Refugee camps and COVID-19: Can we prevent a humanitarian crisis?

Hanne Dahl Vonen1, Merete Lan Olsen, Sara Soraya Eriksen, Signe Smith Jervelund and Terje Andreas Eikemo



In this brief article, the authors argue that refugee camps pose a serious threat to the health of their residents, especially during a pandemic. For example, the Moria refugee camp on the Greek island of Lesbos, currently Europe’s largest refugee camp, suffers from overcrowding (accommodating 20,000 refugees in transit facilities built for 3,000), insufficient amenities, poor sanitary conditions, and inadequate health services. In these conditions, it is impossible to adhere to WHO’s public health recommendations regarding social distancing, hand hygiene, and self-isolation. Moreover, the refugee population has a high prevalence of existing conditions, a risk factor for acute COVID-19 disease. The authors call for:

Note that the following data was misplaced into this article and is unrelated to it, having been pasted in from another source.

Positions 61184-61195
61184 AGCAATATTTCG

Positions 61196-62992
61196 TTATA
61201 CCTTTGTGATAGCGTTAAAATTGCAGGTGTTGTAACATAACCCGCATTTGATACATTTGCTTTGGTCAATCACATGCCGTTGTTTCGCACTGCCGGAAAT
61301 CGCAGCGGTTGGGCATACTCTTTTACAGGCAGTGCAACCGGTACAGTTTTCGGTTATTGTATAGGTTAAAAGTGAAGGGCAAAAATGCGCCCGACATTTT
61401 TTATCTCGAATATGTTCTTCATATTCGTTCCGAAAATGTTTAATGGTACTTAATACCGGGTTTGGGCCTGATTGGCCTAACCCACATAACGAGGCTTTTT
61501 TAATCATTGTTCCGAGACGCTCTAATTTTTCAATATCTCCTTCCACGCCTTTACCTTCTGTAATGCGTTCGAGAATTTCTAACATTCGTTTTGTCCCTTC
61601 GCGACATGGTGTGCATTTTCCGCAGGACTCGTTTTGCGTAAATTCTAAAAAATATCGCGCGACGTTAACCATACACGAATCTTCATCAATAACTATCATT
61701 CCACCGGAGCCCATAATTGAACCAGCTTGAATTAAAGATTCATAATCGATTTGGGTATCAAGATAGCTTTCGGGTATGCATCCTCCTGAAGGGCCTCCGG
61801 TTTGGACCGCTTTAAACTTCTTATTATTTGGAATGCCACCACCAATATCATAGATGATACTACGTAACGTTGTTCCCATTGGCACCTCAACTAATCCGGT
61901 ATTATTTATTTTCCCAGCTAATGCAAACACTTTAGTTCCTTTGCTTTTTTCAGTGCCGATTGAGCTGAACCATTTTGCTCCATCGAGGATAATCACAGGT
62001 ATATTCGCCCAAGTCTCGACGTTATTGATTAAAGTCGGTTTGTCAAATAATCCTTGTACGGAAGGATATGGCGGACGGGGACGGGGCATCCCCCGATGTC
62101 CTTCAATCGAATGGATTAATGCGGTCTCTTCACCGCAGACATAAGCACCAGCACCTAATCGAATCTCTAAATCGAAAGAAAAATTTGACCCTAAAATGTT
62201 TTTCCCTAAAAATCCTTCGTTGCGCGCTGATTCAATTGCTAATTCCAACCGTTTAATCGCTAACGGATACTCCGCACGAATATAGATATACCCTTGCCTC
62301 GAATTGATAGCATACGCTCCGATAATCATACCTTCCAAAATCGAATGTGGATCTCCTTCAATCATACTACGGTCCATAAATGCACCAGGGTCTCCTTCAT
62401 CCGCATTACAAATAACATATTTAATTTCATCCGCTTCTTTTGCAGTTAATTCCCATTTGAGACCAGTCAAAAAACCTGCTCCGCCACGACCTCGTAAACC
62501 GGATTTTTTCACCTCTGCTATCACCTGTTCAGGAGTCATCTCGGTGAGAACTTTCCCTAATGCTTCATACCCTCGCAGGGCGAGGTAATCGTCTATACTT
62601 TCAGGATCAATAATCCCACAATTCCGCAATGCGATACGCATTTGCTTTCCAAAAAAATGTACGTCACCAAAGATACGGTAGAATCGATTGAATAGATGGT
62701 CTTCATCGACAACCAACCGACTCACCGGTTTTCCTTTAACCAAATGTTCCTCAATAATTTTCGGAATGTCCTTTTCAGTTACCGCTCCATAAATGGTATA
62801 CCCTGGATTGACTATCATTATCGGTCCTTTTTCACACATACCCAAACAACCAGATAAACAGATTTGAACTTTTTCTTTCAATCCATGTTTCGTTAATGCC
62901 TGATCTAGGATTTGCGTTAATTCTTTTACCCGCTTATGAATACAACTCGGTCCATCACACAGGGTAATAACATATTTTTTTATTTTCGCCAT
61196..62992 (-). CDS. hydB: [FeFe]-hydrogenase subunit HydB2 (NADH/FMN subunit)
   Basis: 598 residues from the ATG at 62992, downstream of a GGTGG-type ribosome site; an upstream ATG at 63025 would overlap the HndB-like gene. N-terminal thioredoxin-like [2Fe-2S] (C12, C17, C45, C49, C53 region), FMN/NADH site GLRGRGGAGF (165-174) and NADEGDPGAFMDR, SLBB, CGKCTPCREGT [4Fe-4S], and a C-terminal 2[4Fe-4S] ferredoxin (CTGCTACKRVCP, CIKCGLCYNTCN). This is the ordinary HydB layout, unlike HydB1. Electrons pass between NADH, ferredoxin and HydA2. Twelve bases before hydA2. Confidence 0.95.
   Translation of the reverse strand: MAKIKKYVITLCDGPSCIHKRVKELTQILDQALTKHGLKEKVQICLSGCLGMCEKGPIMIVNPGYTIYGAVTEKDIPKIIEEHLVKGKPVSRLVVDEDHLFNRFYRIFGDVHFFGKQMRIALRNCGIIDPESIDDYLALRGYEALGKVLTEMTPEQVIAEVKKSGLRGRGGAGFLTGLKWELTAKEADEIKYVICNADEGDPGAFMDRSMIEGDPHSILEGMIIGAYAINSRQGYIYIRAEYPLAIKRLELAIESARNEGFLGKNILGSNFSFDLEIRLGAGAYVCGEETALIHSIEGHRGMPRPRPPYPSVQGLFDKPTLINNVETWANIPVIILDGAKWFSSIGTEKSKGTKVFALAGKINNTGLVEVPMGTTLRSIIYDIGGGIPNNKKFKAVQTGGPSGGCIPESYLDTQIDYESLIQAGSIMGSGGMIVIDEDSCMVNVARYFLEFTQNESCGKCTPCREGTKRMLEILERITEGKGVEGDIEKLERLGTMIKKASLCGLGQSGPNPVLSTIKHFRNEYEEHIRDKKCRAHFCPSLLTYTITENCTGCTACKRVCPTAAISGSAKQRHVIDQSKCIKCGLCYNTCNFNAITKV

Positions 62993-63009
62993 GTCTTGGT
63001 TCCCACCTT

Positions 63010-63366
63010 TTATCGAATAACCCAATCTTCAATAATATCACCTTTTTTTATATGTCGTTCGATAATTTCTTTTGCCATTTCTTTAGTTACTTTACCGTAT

• More permanent infrastructure capable of meeting the needs of refugees arriving in camps, with greater attention to hygiene and access to essential health care, including
    mental health services;
  • Inclusion of migrants and refugees living in camps in the broader public health measures
    applied to citizens; and
  • Public-health information that is accessible and understandable to the refugee